Many people know that Pablo Picasso invented Cubism, but he didn't do it alone. Georges Braque also helped develop cubism.
The idea is that to get a complete picture of any object (or person), you have to show all sides and aspects of the object. Just showing what a vase of flowers looks like from the front is not the whole "truth" of the vase of flowers. We need to look at every part.
After deconstructing the elements of an image, they then used them like building blocks to reconstruct the image.
- pastels, paint, crayons or colored pencils (your choice)
It's confusing enough to think about all parts of an object, so first fold a sheet of paper into six equal sections and then unfold.
Use the creases as a guide to cut the paper into rectangles.
Pick an object or group of objects that are interesting. It could be a musical instrument, flowers, or something from the kitchen. I'm going to show you a ketchup bottle.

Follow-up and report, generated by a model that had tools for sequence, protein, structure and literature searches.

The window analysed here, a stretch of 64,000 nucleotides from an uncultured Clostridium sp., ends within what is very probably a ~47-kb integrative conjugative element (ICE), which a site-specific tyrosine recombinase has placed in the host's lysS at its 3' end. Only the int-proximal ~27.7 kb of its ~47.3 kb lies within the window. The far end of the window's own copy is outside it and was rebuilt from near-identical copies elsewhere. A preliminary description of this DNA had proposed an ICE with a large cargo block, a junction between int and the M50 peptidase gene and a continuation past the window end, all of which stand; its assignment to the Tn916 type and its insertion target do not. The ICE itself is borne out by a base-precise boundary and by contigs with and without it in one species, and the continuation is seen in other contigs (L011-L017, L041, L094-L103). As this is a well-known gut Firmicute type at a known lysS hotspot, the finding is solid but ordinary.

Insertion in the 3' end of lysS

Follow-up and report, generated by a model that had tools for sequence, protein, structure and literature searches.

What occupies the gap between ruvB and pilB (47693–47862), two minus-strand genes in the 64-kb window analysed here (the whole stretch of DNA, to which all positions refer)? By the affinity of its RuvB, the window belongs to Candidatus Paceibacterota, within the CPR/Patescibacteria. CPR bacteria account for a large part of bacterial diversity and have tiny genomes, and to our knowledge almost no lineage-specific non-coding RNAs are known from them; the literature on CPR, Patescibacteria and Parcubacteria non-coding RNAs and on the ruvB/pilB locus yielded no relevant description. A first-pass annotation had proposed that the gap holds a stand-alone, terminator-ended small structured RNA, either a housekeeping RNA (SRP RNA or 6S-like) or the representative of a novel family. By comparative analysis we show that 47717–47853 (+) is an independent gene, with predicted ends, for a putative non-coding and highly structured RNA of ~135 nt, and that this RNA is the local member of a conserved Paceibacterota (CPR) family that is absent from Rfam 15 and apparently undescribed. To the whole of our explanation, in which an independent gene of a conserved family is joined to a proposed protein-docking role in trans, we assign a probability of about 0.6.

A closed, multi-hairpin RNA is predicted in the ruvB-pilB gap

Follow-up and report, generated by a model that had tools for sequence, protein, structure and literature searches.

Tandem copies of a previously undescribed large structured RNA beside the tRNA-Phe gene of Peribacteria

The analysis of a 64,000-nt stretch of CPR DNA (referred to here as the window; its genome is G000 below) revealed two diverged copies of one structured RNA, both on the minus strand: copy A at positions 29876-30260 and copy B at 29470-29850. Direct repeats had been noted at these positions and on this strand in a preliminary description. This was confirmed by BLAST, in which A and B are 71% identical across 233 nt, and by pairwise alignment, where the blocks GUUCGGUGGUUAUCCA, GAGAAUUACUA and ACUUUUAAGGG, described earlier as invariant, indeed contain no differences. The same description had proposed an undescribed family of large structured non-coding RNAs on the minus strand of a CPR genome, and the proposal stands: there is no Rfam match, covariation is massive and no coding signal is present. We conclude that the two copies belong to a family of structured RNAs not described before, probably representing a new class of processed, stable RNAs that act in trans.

Use only one little rectangle at a time. Draw some part of the ketchup bottle. It could be the whole thing, or just a little part.
Ideas: looking down on the bottle, just a little part of the label, from the front, from the side, just the cap, just the ketchup.
Fill up each little rectangle with some part of the object.
Then once they are all done, assemble all the pieces. Move them around until you like how they look and glue them down to another sheet of paper.
It's challenging for kids to think about drawing something from many different perspectives. But the results are usually exciting.